Snowflake Baggage by Vë Eugenides Hardy

August 12, 2012 in Coming Out, Community, Culture, Europe, Identity, Member Submitted Articles, Passing, Society, Trans, United Kingdom, United States, Wipe Out Transphobia by Emma

V. E. HardyWhen first coming to terms with being on the  trans* spectrum and considering doing something about it, there seems to be endless tales at our finger tips about dealing with Society. From altering one’s appearance to “pass”, to transitioning “correctly”, to dealing with the backlash from friends, family, peers, strangers… ok, pretty much anyone. But the thing that seems to end up blindsiding the recently out is also what seems to be mentioned the least.

This is the tension that exists in the community we become a part of, willingly or unwillingly, by coming out.

I can not even begin to list the unsettling amount of people who have told me how their transition was going smoothly before they attempted to search for support in the trans* community. So many expect to walk out of a stressful situation into a like minded, accepting group, only to instead discover the definition of jumping from the cooking pot into the fire.

I’m not trying to say that the trans* community as a support network is usually some horrible entity, because if I was, I’d be flat out lying. I simply see such danger in people tentatively reaching out for assistance, usually due to a situation that has become crushing, viewing the trans* community as some promised land. So I’m willing to state it as many times as I need to:

The community is messed up, too.

The trans* community, like any community, is made up of People. Most marginalized, some traumatized, and, yes, run-of-the-mill fallible People. This community was created on the basic need of camaraderie in the face of bigotry,  yet through this we have created separate groups based on different ways of approaching being trans*, each thinking it knows the “right way” to act. Some of us decide to try out the genderqueer movement to find better understanding there, but the same patterns usually reappear in different ways. So many People are busy trying to prove their perfectly legitimate identities by denying others’ identities, and seem to forget the very roots from which their own problems with society stem. And that’s a dangerous thing to forget.

But I would not be the happier, healthier person I am today if I had not found a great gender-identity support group when I did. And there is a long list of identity-based communities, whether it be for gender identity or something not even mildly related, which I have entered to find my footing as an Other. Yes, in every one of these communities there were People. But even with the aforementioned issues that come with this, I also got the strength I needed from seeing that I was not alone. I made friends and built bonds with people I probably wouldn’t have otherwise gotten the pleasure to know. I found validation for many things I was blaming on my own incompetence, and was able to begin the journey of peaceably accepting myself.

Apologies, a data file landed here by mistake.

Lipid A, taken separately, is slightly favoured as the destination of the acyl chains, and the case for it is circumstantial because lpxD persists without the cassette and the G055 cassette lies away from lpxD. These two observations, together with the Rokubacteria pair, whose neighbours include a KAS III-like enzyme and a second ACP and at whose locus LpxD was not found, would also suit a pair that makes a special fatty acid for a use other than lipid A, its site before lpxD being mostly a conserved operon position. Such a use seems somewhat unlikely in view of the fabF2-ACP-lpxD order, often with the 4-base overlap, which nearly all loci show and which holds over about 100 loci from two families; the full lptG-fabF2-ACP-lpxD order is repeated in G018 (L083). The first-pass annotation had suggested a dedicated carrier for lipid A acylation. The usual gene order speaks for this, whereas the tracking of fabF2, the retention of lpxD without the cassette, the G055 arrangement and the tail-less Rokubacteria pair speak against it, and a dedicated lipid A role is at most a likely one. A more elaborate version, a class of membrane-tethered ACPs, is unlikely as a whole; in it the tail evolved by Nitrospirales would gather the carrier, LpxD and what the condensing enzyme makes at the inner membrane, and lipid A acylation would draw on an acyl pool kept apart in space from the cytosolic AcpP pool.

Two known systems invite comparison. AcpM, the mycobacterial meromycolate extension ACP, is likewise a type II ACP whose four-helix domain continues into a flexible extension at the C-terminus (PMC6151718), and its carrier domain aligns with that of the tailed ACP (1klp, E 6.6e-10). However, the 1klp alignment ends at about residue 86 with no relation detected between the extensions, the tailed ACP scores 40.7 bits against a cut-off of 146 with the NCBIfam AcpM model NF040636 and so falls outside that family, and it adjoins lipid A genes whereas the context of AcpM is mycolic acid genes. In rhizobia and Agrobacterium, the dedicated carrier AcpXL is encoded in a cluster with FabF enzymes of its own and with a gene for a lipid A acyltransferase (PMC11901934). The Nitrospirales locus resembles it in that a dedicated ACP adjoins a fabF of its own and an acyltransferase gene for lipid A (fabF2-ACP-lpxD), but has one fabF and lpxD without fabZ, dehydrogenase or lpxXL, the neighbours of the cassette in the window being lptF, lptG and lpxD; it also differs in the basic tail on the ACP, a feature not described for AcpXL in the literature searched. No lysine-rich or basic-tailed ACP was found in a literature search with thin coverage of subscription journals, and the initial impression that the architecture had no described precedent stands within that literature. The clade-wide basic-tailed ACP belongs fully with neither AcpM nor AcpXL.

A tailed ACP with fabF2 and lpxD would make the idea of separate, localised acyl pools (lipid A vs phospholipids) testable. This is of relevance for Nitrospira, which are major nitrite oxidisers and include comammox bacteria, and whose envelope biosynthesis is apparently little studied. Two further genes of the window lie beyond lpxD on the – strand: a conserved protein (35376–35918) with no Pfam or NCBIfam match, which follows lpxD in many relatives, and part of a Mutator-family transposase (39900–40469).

Yet I always reach that inevitable moment where I became an Other among the Others, as most everybody does at some point. And the thing is, we’re all Others. There is no one way to approach any identity. Remember that  motivational thing about being a special snowflake? Well, it’s true. Each one of us is a special freakin’ snowflake, so as much as we find strength in that camaraderie, that sharing of burden, in the end, it’s our own personal baggage. No one can carry it all for us or do anything more than assist with the unpacking. Seriously, no one knows the correct place to put our stuff like we do, so why should they now suddenly be trusted with something as important as mental baggage?

So whether your special snowflake self continues to drift on the winds, joins in on an avalanche of change, or any other numerous tacky metaphors, don’t forget (and I’m going to take a leap of faith here) that you are acknowledging being trans* because you’re acknowledging that need to be true to yourself. Not a want, but a need. Don’t subscribe to a community’s identity laws simply because you’re supposed to… I’m sure we all know where that got us to varying degrees before this transition became the best option.

Don’t be afraid to change, experiment, or even be completely wrong, and most importantly, be sure that you don’t lose the self you were doing this for in the first place. There are People being People no matter where you turn to, and none of them are You. None of us is as weak as we have been made, or convinced ourselves, to believe, so even though most of us crave the boost that finding a community can offer us, don’t forget to give yourself some credit. This trans* thing isn’t an easy road, and the fact that you’re stepping up and finding a way to acknowledge that part of yourself is pretty bad ass.

(I stand by my beliefs that my beliefs don’t need to be your beliefs. Take what I have to say in whatever way you need to or leave it. I wish you the best of luck in finding the peace that you need.)

A Wipe out Transphobia Member Article
Written and Submitted by Vë Eugenides Hardy